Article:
Navicat Blog

Dec 4, 2018 by Robert Gravelle

Logging is about recording what happened in your databases. Just as some people might keep a personal journal to write down what happens in their daily lives, a database log keeps track of things like logins and transactions. More importantly, an effective log should include entries about access control and input validation failures. Is it any wonder then that the only MySQL log that is enabled by default is the error log (at least on Windows)?

Last week's blog provided an overview of the different log types on MySQL, highlighted the most important of these - namely, the error, general, binary, and slow logs - and covered the first two of these. Today we'll be taking a look at the binary log in more detail. That will leave the slow log for Part 3.

Nov 27, 2018 by Robert Gravelle

In software applications, log files keep a record of what actions were performed in the system and perhaps who performed them. Should something unexpected occur, whether it be a security breach, system crash, or just sluggish performance, the log file(s) can be an administrator's best friend. As it happens, MySQL has several different log files that can help you find out what's going on inside the MySQL server. Today's blog is a primer on MySQL logging - a topic that we'll be referencing later on when we talk about monitoring in Navicat Monitor for MySQL/MariaDB.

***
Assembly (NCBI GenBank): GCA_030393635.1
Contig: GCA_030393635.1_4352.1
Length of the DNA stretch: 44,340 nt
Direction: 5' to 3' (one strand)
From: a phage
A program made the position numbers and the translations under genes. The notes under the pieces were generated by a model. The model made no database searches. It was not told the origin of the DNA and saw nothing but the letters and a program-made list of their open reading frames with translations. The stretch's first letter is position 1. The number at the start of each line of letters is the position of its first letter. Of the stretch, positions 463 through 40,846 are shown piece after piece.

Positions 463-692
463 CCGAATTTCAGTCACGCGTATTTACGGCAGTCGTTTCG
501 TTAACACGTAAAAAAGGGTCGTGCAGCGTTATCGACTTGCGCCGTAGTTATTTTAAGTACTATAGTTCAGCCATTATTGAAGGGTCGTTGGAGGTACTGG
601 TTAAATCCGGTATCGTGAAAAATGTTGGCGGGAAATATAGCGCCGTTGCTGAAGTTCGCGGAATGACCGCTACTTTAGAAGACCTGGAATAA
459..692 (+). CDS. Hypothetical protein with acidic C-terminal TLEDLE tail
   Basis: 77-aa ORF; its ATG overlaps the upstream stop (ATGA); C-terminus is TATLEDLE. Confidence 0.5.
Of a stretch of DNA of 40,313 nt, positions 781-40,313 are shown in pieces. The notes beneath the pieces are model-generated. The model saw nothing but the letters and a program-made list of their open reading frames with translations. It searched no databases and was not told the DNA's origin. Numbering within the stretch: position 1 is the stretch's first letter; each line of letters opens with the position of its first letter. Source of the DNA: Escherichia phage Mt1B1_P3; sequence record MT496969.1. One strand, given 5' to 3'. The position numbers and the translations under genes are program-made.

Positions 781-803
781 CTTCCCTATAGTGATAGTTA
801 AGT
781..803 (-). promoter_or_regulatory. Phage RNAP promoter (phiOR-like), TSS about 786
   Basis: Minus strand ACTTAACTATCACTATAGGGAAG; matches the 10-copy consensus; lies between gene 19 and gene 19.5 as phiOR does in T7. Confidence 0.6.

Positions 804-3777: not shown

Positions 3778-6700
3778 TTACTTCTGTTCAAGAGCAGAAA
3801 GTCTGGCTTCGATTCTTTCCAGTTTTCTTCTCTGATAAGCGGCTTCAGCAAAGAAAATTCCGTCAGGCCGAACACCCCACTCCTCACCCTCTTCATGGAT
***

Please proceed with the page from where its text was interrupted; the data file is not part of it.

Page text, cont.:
Nov 20, 2018 by Robert Gravelle

Navicat Monitor for MySQL/MariaDB is an agentless remote server monitoring tool that is packed with features to make monitoring your database (DB) instances as effective and easy as possible. Moreover, its server-based architecture makes it accessible from anywhere via a web browser, thus providing you unhampered access to easily and seamlessly track your servers from anywhere in the world, at any time of day or night.

Once you have finished installing Navicat Monitor and have logged in, you're ready to create the instances you want to monitor. In today's blog, we'll learn how to configure a DB instance for monitoring.

Nov 13, 2018 by Robert Gravelle

MongoDB employs a serialization format called "BSON" to store documents. A combination of the words "Binary" and "JSON" (JavaScript Object Notation), you can think of BSON as a binary representation of JSON documents. Unfortunately, the BSON serialization format has a size limitation of 16 MB. While that leaves plenty of headroom for most data types, for some large binary formats, MongoDB employs a separate specification called GridFS for storing and retrieving files.

In today's blog, we'll be taking a look at how Navicat for MongoDB implements the GridFS spec to store large files.

Nov 6, 2018 by Robert Gravelle

The Navicat team is proud to announce the launch of Navicat Monitor 1.7. This minor update adds a couple of exciting features:

  • The dashboard adds a compact view.
  • Support for the Slack collaboration hub, so now you can get notifications via Slack whenever a warning or critical condition occurs in your infrastructure.

Today's blog examines both features and describes how to download the new version.

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